What Are Immunomodulators?
Immunomodulators are substances that help regulate or “modulate” the immune system. They work by either stimulating or suppressing the body’s immune responses.
There are several different classes of Immunomodulators:
- Immunosuppressants – These dampen the immune system and excessive inflammation. They are used to treat autoimmune disorders like rheumatoid arthritis, where the immune system mistakenly attacks the body’s own tissues. Examples include corticosteroids and cyclosporine.
- Immunostimulants – These boost immune function when it is compromised. They are used to treat immunodeficiencies or infections in a weakened immune system, like in cancer patients. Examples include cytokines like interferons.
- Immunoadjuvants – These are added to vaccines to enhance the immune response the vaccine triggers. Common adjuvants include aluminum salts.
- Immunomodulatory antibodies – These biologic agents target specific parts of the immune system. For example, drugs that block tumor necrosis factor (TNF) are used to treat some autoimmune diseases.
- Natural immunomodulators – Compounds derived from plants and microbes can also regulate immunity. Examples are curcumin from turmeric and polysaccharides from mushrooms.
Immunomodulators work through various mechanisms of action depending on the specific drug or compound. This includes effects on cytokine production, immune cell activation, inflammation pathways and more. The goal is to restore balance and normalize immune function.
11 Natural Immunomodulators To Combat Autoimmune Disease
- Chrysanthemum – Contains flavonoids and other compounds that modulate immunity.
- Ashwagandha – a staple in Ayurvedic medicine, contains withanolides that regulate immune cell types and inflammatory cytokines.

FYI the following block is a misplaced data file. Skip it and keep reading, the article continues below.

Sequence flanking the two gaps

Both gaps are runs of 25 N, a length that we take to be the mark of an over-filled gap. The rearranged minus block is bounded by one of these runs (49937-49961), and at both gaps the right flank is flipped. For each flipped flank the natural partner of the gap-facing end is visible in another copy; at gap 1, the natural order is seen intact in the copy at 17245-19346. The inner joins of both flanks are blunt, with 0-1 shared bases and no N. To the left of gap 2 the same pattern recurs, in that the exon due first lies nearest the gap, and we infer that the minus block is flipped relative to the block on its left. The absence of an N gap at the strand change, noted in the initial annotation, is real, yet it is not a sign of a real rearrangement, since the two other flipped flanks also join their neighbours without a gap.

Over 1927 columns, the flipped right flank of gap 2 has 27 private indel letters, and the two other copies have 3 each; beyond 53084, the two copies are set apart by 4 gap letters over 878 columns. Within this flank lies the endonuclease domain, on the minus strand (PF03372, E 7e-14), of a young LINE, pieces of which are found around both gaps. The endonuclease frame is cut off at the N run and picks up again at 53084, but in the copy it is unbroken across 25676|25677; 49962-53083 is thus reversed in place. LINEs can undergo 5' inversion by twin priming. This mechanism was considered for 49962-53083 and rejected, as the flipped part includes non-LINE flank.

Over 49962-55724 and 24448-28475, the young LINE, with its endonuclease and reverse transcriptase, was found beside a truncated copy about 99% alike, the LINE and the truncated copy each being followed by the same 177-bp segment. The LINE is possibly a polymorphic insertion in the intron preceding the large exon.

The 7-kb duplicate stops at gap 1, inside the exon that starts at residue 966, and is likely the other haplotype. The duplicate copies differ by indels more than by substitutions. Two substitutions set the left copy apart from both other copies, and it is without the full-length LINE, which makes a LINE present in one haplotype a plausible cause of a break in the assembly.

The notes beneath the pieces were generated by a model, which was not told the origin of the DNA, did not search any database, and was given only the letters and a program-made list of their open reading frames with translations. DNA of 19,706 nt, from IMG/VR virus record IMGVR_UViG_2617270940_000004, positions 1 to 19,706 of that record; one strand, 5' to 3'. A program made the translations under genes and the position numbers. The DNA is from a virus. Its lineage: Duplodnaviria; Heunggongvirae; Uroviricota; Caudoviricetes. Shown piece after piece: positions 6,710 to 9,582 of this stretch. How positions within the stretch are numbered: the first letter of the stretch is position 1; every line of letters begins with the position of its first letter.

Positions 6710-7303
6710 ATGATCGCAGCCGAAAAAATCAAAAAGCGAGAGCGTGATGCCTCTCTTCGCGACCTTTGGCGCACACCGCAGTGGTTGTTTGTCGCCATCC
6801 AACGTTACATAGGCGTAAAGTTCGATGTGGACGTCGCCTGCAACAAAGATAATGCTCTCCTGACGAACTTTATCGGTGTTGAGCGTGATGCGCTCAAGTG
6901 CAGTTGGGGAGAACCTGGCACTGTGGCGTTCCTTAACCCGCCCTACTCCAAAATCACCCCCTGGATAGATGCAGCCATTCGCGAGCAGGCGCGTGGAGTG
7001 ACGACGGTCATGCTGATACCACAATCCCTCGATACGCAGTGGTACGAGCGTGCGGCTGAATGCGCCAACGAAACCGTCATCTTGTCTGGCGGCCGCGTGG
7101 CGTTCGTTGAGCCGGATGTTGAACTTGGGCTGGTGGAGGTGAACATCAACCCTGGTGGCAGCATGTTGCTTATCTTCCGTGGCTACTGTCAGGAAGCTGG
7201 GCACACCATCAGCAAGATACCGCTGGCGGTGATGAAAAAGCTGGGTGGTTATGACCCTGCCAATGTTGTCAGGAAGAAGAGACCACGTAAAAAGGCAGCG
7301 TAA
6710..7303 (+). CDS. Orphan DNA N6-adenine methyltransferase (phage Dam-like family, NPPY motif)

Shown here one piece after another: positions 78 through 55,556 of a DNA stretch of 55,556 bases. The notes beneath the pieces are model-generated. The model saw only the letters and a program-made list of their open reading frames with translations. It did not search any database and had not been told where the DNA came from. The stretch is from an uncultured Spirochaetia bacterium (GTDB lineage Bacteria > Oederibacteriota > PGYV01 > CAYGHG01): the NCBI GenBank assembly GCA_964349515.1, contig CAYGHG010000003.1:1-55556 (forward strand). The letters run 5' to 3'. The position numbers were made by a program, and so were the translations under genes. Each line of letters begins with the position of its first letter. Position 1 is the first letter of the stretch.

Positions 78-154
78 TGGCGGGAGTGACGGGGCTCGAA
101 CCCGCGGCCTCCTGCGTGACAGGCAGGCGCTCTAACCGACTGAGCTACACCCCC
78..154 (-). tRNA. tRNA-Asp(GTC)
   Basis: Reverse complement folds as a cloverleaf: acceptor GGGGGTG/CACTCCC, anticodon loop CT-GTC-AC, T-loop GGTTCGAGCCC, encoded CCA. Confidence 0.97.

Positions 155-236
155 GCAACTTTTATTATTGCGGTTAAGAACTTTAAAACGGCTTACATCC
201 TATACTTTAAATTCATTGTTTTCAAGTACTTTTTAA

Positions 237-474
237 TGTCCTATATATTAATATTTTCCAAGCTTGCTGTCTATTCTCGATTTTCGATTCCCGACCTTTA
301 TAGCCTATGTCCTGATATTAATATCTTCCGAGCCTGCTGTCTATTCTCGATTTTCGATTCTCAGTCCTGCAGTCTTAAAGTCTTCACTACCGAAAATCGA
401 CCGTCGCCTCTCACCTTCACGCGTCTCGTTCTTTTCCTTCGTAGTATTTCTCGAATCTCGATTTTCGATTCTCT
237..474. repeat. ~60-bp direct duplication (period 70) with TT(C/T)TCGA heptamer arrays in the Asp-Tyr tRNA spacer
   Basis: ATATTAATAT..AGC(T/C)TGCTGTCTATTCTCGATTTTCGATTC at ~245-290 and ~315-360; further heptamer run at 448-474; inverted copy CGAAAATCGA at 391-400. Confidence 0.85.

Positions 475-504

- Clove – Has antimicrobial effects; the compound eugenol may regulate cytokines.
- Cinnamon – Reported to have immunostimulant properties and modulate inflammatory mediators. Both Clove and Cinnamon are rich in potent antioxidants like eugenol and cinnamaldehyde to suppress excessive immune reactions
- Coconut oil – Contains lauric acid which has antinflammatory and antimicrobial effects.
- Una de gato – Cat’s claw herb; contains alkaloids that may stimulate the immune system.
- Camu camu – Acerola berry with high vitamin C content that enhances immunity.
- Suma – Adaptogen considered immunostimulating; contains germanium sesquioxide. Cat’s claw, camu camu and suma root are traditional South American herbs that stimulate immune cell activity.
- Sangre de grado – Also known as Dragon’s blood; contains proanthocyanidins that may be immunomodulatory.
- Garlic – Stimulates macrophages, NK cells and T-cell activity; antimicrobial.
- Oregano – Garlic and oregano are both packed with allicin, thymol and carvacrol – antimicrobial compounds that exhibit antiinflammatory effects.
More people are turning to natural approaches to tame autoimmune flare ups and restore immune balance. Thankfully it can be easy to incorporate these amazing botanicals into your daily routine.
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The human immune system is remarkably complex, with intricate interactions between various cell types, signaling molecules, and pathways that provide protection against disease. When functioning properly, it can rapidly detect and eliminate threats. However, dysregulation can occur, resulting in either impaired immunity or autoimmunity where the body attacks its own tissues.
As our understanding of immunology grows, so does our ability to modulate immune function using synthetic pharmaceuticals as well as natural compounds from medicinal plants and other sources. Compounds like phenolics, terpenoids, alkaloids and polysaccharides show promise in fine-tuning immune responses.
Much more research is still needed to uncover their mechanisms of action, pharmacology, safety and therapeutic potential. By leveraging traditional practices like Ayurveda and expanding scientific study of immunomodulatory botanicals, we may find affordable, accessible ways to boost immunity and manage autoimmune disorders.
A balanced diet and lifestyle that supports overall wellbeing can also help maintain healthy immune regulation. Further exploration of plant-based immunomodulators represents an exciting avenue for improving preventive health and treating disease.